Linux Distribution: Lightweight Portable Security
Lightweight Portable Security is a LiveCD distro designed by the US Department of Defense to function as a secure end node, in other words, a safe environment from which to access the web or a remote desktop host. The focus is on security, and for this reason, it boots from a CD and executes from RAM, providing a web browser, a file manager and a few other small tools.
The Lightweight Portable Security distribution was created by the Software Protection Initiative under the direction of the Air Force Research Laboratory and the US Department Of Defense. The idea behind it is that government workers can use a CDROM or USB stick to boot into a tamper proof, pristine desktop when using insecure computers such as those available in hotels or a worker’s own home. The environment that it offers should be largely resistant to Internet-borne security threats such as viruses and spyware, particularly when launched from read-only media such as a CDROM. The LPS system does not mount the hard drive of the host machine, so leaves no trace of the user’s activities behind.
If it all sounds a bit cloak and dagger, consider that anyone who wants to quickly establish a secure setup on a PC of unknown security status could have a use for a distribution such as LPS. For example, you may understand computer security, but does the staff of your local library or a hotel?
The first thing that greets you when you first launch the CD is the boot screen, the bottom area of which is dominated by the respective seals of The Department Of Defense, The Air Force Research Research Laboratory and the Anti-Tamper Software Protection Initiative. Helpfully, there is also a note telling you that hitting F2 brings up the startup messages, which mostly consist of a list of loaded Linux kernel modules. LPS supports WiFi interfaces but doesn't current have support for printers or sound hardware.
Following this, you are dumped into a very simple desktop that makes use of IceWM. The layout is the familiar combination of application launcher and task switcher bar along the bottom the screen. Perusing the installed applications reveals that this is a very minimalist desktop indeed. You are given the Firefox web browser, a text editor and a file manager that can manipulate files in the RAMdisk or a flash drive. There is also a remote desktop client that works with RDP or Citrix hosts and a tool to deal with files that have been AES encrypted.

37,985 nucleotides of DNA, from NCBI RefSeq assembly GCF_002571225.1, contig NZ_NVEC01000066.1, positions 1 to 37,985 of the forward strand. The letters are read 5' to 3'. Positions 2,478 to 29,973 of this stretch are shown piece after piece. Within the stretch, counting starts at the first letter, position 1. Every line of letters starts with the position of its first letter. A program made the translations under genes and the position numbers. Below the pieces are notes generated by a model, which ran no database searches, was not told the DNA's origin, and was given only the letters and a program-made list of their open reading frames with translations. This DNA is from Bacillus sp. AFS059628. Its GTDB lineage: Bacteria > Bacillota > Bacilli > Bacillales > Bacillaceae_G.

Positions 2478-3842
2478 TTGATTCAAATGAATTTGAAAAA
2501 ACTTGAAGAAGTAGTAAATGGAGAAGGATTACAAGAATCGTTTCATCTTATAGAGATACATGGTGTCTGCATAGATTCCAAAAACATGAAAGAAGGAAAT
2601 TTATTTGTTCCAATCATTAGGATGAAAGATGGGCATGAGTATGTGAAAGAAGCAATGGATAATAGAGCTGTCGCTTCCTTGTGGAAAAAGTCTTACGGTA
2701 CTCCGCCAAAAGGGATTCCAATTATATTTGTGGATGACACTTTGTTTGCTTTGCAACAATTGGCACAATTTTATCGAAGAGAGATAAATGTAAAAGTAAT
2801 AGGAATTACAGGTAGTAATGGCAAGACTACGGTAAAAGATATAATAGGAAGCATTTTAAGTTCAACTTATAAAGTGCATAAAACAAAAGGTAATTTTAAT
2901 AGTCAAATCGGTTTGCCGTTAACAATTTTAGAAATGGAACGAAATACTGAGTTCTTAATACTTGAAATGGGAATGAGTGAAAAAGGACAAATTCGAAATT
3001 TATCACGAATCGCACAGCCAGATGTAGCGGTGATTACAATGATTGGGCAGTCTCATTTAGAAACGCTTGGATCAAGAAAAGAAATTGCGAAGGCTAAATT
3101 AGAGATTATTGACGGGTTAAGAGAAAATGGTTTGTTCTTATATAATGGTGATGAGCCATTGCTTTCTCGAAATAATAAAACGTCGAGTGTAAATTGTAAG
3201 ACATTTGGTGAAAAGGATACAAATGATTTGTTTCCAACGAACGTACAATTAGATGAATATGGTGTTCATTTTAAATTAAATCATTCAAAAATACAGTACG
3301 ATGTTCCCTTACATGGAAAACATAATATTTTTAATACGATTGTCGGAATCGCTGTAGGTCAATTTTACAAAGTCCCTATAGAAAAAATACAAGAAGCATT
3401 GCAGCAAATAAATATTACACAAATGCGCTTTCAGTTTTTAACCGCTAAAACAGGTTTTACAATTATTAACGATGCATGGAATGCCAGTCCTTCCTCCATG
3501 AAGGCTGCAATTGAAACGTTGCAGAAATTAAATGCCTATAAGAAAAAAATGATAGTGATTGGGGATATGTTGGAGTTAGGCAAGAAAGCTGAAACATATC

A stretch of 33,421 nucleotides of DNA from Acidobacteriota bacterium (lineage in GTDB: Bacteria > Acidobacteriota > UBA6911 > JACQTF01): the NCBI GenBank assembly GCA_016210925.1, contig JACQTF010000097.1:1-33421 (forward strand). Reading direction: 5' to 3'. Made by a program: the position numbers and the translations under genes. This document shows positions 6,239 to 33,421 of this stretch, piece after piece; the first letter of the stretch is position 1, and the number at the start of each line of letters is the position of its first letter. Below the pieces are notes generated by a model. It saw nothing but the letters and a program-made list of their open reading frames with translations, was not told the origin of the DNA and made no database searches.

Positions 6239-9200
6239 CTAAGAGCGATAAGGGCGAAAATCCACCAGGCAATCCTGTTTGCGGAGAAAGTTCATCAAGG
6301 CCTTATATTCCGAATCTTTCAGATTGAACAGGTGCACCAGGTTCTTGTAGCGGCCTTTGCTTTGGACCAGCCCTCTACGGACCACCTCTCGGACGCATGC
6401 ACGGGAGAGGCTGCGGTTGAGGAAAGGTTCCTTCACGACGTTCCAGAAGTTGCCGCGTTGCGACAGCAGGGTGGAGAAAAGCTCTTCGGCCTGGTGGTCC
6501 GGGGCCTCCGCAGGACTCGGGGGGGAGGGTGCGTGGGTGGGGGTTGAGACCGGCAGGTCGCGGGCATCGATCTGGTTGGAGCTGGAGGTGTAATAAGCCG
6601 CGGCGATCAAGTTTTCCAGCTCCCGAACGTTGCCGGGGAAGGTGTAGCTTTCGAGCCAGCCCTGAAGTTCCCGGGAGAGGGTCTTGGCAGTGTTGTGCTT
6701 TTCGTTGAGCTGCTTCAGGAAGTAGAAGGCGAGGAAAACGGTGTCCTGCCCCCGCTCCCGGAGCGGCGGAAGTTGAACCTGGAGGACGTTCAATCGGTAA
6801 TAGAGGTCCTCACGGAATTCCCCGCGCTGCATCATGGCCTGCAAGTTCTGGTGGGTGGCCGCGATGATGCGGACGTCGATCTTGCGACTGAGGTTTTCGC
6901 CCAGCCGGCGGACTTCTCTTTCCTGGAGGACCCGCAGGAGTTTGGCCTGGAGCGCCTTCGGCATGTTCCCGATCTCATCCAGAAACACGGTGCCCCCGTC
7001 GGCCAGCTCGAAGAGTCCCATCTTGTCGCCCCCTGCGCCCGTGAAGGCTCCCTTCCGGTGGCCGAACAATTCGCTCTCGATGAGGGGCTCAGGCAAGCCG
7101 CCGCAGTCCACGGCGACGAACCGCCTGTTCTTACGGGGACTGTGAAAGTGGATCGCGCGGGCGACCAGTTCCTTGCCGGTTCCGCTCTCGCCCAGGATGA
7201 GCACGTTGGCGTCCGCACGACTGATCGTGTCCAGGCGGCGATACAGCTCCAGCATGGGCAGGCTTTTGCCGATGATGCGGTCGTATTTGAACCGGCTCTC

There doesn’t seem to be any obvious scope for adding applications to the distribution. In fact, the website advises the user to contact the development team with feature requests, reasoning that if one person wants the feature, other people might also.
Loading up Firefox, I was a little surprised to find that it was a fairly up to date, stable build and it included the Flash plugin, but I suppose, most web workers need Flash at some point, these days. It also comes with plugins to change the browser agent string, send encrypted messages via Gmail, work with encrypted files and to synchronise bookmarks with an online server.
LPS is obviously a niche distro. If your needs are specific, and you just just need a basic web browser and a remote desktop client on a disc or to hand out to someone who might get lost with a more complex live CD, this might be the distro for you. It also offers an interesting insight into how organisations are creating custom Linux builds to meet niche requirements. The website itself goes into quite a lot of detail about the rationale behind LPS.
The LPS website.
UK based freelance writer Michael Reed writes about technology, retro computing, geek culture and gender politics.
Practical Task Scheduling Deployment
July 20, 2016 12:00 pm CDT
One of the best things about the UNIX environment (aside from being stable and efficient) is the vast array of software tools available to help you do your job. Traditionally, a UNIX tool does only one thing, but does that one thing very well. For example, grep is very easy to use and can search vast amounts of data quickly. The find tool can find a particular file or files based on all kinds of criteria. It's pretty easy to string these tools together to build even more powerful tools, such as a tool that finds all of the .log files in the /home directory and searches each one for a particular entry. This erector-set mentality allows UNIX system administrators to seem to always have the right tool for the job.
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